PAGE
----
And perhaps that’s a useful way of thinking about it: that we offer the gospel not as a contradiction of the spirituality of those who hear it, but as a fulfilment, as a making known of the unknown. Godly Play speaks of sharing the story of the people of God and the story and stories of Jesus as a framework in which listeners can make sense of their instinctive spiritual understanding of God.
I don’t know if you’ve noticed, but I seem quite often to spend half my time talking about the readings from the week before. Not sure what’s with that. But anyway, it’s a relevant preamble to today’s theme of staying true.
Because the idea of ‘staying true’ to the gospel is important and powerful, but also dangerous. Staying “true to the gospel” can often be code for a reactionary stand – it would certainly be the reason given by those who would bar women from positions of leadership in the Church, reject same sex-relationships, refuse to recognise trans or non-binary gender identities.
I quoted from “Wonder” a couple of weeks ago (in the morning) – “When given the choice between being right or being kind, choose kind” and suggested that the wisdom in this aphorism came from a humility – to recognise the danger with “right”, that however sure you are, you might be wrong: that ‘kind’ is therefore safer.
The same danger lies in “staying true” – that if what you are staying true to leads you to hurt others, you need to wonder if it is still good news. By the fruit, Jesus said, after all, you can judge the prophet.
The staying true that we see in the reading today is has a very different flavour to it. Paul and Silas remain true to the message of Jesus in a way that causes considerable suffering, for sure – but they are the ones who suffer. I hope it’s clear that that is different. That that is the way modelled by Jesus. The willingness to insist on the way of love and the way of faith, even at risk to themselves.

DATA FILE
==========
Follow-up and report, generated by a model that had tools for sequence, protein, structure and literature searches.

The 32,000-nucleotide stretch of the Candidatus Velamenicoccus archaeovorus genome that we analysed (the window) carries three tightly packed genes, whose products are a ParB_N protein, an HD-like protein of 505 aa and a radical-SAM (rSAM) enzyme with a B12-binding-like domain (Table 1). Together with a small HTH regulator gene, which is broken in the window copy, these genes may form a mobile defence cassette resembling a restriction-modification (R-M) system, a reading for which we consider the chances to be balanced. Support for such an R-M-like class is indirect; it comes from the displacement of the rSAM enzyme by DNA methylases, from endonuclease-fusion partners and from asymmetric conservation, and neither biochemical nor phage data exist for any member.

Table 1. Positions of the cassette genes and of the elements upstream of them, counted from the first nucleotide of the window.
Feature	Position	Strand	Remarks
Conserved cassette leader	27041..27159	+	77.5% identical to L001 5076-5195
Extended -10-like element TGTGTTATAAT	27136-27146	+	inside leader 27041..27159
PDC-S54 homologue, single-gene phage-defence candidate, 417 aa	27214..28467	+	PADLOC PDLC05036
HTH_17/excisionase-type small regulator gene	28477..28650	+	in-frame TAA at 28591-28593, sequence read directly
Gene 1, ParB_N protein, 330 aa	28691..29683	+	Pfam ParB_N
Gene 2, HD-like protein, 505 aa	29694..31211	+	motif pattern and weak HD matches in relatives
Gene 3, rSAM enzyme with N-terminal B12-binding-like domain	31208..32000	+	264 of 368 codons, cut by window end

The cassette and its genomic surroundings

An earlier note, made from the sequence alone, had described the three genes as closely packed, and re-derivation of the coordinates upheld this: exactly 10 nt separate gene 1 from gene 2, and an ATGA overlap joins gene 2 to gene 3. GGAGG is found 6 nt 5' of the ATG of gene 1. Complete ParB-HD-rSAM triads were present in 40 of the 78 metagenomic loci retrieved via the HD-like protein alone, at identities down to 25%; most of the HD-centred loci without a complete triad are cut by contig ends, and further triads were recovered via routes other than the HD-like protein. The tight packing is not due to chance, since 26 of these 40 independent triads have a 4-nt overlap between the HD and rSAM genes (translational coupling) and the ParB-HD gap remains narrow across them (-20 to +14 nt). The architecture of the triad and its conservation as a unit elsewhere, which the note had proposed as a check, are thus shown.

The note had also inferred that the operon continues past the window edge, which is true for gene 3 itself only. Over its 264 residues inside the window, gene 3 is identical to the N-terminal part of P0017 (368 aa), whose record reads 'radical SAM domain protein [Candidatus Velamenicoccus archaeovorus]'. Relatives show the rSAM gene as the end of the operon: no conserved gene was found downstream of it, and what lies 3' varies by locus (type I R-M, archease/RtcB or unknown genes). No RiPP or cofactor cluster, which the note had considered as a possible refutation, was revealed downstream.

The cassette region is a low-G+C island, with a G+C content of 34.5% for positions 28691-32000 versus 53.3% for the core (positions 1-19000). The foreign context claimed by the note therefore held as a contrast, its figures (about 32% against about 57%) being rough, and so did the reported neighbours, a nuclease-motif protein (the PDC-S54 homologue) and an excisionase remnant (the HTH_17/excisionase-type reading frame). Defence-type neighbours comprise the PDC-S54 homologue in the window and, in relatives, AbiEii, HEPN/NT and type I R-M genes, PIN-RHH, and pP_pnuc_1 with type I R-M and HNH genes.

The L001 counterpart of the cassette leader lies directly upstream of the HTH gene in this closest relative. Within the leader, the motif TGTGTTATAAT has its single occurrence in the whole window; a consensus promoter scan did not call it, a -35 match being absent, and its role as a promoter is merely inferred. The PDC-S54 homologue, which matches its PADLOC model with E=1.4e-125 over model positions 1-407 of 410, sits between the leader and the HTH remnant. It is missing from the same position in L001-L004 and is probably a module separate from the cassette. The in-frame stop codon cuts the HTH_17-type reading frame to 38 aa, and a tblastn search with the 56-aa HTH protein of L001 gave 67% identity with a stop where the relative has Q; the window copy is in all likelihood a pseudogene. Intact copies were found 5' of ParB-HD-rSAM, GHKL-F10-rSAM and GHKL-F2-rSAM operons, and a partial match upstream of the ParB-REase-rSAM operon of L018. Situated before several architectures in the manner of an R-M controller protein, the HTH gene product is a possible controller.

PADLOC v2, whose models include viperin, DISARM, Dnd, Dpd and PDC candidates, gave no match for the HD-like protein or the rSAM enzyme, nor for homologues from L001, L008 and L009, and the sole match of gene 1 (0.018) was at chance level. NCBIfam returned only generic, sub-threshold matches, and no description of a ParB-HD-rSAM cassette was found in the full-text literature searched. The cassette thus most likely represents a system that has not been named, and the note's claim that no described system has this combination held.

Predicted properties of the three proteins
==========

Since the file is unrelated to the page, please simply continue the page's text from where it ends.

You see it throughout the passage. Setting a slave girl free from a spirit that possessed her, surely knowing that this would not go down well with her wealthy owners (and despite the really odd bit of this story – that Paul was annoyed at the spirit, even though what it was saying way true, and might even have been considered free advertising).
Continuing in faith, singing songs and praying in prison, and by doing so, continuing to share the good news, for “the prisoners were listening to them”. Staying true to the good news of Jesus that they wished to share, even though that good news had landed them into this place of hardship.
And then – my favourite bit – the earthquake breaks them free, but they don’t leave. For to do so would have had terrible consequences for the jailer who, seeing the prison broken open, prepared to kill himself.
(A quirk of Roman law might help explain this – if someone was executed for their failure of duty, their possessions were forfeit to the state, their family, most likely, ending in slavery. But if they took their own life, their possessions would pass to their family. The jailer surely feared for his life, but he feared more the consequences for his wife and children and would have taken his own life to protect them.)